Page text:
In light of the comments to this post, I want to make a few things clear:
Revisionism of the Rav's Life and Legacy comes from both the Right and the Left. Both, in my opinion, are fundamentally wrong. The Rav, as יבלחטו"א Rav Lichtenstein wrote, was sui generis (in our generation, at least). While there is absolutely no question that his primary loyalty was to lehrnen, and that he defined himself primarily as a,תורה מלמד , it is also true that he told people to become למדנים 'in the widest sense of the term,' which included general studies. [ I strongly doubt whether the Rov would have agreed with the Rambam that גדולי תורה who lack a philosophical education earn a lower rank in גן עדן than those who do (cf. Guide III, 51 and Kesef Mishneh ad Hilkhot Yesode HaTorah IV, 13 (end).
It, therefore, behooves us to let him be who he was, in all of his dazzling complexity. The same person who adamently opposed Women's Tefillah Groups (and any liturgical innovation, as made patently clear by the Letters published by Natty Helfgott), also adamently advocation women's study of Talmud. The same person who had magisterial command of כל התורה כולה, possessed an awesome command of Philosophy, Literature, Physics, Higher Mathematics, Psychology, Economics and Philology. As Professor Twersky noted, he brought these to bear ad majorem Dei gloriam, both for their intrinsic value and because he deemed them to be critical in order to teach Torah today to sophisticated Westernized Jew.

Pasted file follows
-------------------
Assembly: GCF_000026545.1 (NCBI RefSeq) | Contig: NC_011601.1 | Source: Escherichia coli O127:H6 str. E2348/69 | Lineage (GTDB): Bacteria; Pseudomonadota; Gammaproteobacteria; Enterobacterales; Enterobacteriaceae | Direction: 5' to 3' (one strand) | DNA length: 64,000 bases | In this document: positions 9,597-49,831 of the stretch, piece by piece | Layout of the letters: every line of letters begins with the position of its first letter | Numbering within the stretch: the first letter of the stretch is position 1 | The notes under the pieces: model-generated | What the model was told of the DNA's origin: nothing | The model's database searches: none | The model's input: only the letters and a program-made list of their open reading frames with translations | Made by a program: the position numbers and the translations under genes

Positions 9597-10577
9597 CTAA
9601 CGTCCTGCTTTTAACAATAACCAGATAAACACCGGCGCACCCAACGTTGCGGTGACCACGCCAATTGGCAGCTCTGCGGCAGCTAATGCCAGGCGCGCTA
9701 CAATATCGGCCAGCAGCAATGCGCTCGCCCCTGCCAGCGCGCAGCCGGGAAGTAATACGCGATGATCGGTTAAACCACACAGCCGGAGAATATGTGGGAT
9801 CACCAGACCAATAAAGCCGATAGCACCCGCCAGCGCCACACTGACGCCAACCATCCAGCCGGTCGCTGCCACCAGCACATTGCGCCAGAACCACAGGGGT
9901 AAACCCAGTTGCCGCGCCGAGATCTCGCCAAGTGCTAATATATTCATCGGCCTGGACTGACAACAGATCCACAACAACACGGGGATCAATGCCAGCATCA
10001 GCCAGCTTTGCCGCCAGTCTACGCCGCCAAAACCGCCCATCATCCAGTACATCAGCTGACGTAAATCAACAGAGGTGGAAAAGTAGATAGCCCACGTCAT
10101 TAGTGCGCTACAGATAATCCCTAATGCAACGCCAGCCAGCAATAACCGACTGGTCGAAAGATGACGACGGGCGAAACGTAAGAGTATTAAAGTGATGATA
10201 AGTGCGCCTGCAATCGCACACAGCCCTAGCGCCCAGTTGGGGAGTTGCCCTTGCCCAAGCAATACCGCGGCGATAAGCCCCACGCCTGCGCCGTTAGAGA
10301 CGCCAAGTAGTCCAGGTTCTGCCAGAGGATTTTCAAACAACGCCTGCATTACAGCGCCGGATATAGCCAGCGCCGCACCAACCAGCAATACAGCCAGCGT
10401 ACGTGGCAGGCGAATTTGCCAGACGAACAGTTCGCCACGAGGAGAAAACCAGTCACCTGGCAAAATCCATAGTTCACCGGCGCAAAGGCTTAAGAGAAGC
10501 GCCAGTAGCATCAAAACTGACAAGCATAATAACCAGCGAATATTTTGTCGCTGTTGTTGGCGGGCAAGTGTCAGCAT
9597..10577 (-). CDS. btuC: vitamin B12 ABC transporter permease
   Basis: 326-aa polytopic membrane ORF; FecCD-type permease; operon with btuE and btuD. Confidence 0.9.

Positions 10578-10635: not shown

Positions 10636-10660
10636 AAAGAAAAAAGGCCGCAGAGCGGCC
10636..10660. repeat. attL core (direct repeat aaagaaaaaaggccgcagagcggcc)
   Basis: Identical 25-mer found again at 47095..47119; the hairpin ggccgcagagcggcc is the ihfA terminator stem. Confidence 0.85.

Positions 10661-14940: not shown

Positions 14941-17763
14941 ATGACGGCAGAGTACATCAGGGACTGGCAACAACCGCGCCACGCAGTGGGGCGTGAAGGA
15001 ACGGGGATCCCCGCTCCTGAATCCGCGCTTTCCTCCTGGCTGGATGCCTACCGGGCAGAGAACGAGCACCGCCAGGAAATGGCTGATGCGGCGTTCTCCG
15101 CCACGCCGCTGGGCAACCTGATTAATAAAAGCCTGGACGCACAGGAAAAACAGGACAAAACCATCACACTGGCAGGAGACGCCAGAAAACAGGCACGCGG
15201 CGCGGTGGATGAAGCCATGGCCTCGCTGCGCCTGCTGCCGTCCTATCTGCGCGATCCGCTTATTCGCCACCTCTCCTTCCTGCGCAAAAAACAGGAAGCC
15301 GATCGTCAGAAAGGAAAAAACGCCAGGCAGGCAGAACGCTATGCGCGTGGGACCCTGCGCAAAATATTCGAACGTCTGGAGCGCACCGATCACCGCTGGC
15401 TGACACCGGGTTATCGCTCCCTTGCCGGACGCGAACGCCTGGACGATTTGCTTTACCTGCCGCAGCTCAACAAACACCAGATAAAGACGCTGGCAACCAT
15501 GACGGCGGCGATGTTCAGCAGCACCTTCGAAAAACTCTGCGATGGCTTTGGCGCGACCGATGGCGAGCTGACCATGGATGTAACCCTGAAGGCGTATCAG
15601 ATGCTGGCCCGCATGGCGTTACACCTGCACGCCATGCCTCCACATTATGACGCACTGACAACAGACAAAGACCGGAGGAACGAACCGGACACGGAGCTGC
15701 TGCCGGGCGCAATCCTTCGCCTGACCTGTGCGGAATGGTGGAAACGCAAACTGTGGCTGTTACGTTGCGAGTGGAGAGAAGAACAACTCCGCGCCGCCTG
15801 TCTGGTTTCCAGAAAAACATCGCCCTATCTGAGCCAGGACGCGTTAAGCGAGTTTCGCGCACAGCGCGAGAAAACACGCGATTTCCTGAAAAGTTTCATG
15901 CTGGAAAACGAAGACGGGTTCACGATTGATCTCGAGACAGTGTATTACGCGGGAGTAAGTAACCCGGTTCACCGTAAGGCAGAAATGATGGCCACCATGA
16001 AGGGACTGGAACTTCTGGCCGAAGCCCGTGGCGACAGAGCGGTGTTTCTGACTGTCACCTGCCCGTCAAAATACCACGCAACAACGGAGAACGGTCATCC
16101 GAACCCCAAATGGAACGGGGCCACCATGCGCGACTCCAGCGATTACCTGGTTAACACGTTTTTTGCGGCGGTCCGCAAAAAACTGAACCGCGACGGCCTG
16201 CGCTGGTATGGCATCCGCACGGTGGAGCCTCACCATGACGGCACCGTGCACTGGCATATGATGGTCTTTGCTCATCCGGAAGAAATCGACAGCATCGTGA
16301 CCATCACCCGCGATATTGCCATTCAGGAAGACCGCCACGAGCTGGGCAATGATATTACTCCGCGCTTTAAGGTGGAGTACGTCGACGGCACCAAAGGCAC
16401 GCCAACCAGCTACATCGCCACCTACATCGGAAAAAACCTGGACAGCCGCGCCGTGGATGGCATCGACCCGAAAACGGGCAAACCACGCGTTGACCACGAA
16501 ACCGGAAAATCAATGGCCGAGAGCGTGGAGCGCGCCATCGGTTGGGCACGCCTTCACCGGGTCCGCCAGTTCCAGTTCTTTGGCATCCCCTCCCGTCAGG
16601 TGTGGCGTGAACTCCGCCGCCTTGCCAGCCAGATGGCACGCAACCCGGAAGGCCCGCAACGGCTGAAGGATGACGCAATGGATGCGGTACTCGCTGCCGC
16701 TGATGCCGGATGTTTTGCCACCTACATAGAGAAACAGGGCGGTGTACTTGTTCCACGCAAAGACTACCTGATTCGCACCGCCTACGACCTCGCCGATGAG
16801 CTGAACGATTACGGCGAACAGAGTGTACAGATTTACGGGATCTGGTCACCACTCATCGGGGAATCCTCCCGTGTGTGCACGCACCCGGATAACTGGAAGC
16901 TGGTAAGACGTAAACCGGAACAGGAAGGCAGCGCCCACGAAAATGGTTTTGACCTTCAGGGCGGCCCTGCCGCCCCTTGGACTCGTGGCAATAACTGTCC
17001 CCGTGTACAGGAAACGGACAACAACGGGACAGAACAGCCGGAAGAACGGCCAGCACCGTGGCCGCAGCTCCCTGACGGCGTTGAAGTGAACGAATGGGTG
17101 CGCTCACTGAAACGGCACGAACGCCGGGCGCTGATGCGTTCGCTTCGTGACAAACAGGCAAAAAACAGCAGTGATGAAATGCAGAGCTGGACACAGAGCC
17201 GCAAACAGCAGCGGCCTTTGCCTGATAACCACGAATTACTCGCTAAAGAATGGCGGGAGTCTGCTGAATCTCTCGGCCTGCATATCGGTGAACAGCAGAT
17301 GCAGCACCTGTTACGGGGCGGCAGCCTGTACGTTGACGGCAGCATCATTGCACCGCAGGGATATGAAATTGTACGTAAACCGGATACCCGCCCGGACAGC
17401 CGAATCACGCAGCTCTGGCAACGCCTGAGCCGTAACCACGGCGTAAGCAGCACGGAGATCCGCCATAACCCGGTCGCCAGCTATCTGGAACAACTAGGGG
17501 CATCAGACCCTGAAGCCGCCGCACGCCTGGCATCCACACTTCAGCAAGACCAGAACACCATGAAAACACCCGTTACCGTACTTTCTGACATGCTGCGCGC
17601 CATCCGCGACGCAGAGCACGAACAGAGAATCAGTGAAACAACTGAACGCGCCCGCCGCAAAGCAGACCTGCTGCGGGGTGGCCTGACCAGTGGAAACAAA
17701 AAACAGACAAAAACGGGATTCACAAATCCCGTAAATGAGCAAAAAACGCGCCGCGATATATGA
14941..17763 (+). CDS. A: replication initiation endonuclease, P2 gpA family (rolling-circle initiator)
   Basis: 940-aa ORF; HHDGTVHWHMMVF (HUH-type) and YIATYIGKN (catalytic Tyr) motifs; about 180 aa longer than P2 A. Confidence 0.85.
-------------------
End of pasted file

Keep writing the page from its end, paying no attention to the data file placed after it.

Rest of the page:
It has been said, on more than one occasion, that the Rav's fate is identical to that of the Rambam. Joseph Ibn Kaspi tried to make him a philosopher נטו and the Talmudists summarily ignored his achievements in the sciences, mathematics, medicine and metaphysics. Both were fundamentally wrong.
The same is true of the Rav's revisionists.